(Due to Kim's busy schedule this week I'm writing this one from my own experience as an artist - Cheryl)
With all the visual stimulation we get from the moment we wake up in the morning until we close our eyes to sleep at night, you would think that your eyes get plenty of exercise. Unfortunately, they may not be getting the kind of exercise that helps you as an artist. As a matter of fact, our eyes sometimes become desensitized to the subtle beauty that is around us all the time simply because there is too much too take in.
In the same way that information overload can make us want to stop reading or listening, visual overload can cause us to subconsciously stop looking. This state of being could be called artist block, when we lose inspiration about what to draw, paint or create. You might think the solution is to close your eyes, but it's not. On the contrary, taking some focused time to observe more carefully can give you quite a lot of inspiration.
As a photographer I found myself more naturally focused on composition, but I would do similar exercises to train my eyes to notice a good composition quickly. By holding my thumbs & fingers in the shape of a rectangle I would observe the possibilities for compositions all around me. Sometimes I would use a small pre-cut mat as a sort of window to frame my views of the world. Even while carrying a camera sometimes I would just practice composing in the viewfinder without taking the photograph. This kind of practice allows the subconscious to take over the work of composing while you consciously note the other factors like light & shadow, color, focus, etc.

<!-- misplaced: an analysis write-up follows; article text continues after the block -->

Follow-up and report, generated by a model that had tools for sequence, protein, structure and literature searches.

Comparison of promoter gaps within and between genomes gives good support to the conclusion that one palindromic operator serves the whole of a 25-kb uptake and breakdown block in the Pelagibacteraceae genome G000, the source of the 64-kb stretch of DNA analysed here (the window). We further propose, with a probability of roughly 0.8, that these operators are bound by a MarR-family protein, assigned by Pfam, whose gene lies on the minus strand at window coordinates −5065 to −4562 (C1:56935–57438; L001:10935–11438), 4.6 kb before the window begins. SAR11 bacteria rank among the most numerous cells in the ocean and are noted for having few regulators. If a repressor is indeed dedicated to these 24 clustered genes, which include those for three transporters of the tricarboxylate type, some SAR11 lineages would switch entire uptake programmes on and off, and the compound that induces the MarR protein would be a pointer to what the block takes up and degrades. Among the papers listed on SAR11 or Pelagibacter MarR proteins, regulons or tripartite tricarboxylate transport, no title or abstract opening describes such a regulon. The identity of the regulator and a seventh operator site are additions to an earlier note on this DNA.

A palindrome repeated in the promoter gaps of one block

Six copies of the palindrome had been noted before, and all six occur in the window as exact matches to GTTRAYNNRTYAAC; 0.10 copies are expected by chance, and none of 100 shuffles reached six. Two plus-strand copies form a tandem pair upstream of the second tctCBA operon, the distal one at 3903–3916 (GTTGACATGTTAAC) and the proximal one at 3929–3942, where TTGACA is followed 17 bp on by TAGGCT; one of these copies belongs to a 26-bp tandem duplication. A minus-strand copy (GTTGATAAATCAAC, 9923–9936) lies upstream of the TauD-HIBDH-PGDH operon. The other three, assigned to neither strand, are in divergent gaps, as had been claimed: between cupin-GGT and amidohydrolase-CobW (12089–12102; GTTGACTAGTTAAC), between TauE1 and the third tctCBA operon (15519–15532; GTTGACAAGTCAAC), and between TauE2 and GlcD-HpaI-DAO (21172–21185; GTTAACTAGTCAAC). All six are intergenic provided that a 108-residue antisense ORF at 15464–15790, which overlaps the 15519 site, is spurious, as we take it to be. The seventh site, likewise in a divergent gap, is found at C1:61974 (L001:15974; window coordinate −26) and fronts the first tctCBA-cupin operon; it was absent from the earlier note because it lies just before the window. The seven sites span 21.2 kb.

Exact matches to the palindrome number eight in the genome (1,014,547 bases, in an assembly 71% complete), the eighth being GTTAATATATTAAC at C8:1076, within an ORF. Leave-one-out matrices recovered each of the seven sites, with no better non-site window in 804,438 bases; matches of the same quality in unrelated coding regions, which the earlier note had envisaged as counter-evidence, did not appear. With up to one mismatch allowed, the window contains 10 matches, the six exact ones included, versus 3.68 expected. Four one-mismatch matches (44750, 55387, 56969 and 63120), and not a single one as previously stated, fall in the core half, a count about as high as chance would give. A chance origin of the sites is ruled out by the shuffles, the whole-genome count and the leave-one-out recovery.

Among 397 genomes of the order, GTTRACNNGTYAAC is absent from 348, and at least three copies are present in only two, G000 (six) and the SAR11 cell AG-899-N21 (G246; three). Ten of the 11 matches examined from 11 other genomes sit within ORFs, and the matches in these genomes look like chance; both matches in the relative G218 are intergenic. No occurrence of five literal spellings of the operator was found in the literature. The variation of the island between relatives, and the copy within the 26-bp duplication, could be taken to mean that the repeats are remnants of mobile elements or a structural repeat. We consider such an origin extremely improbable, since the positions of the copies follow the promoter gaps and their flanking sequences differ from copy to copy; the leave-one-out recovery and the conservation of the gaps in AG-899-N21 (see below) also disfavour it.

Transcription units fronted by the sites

It becomes a habit after awhile, these exercises, so that every moment becomes an opportunity to notice shape, form, texture, line, pattern & composition. In this way the world becomes filled with artistic inspiration and never ending possibilities. Every person is unique and feels inspired by different things. For some people going to art shows or museums will get their creative juices flowing, for others it is nature, and for some it's taking classes. However all artists need training & practice as we strive to improve our skills. I hope these ideas stimulate your own thoughts or help you find new methods for artistic practice.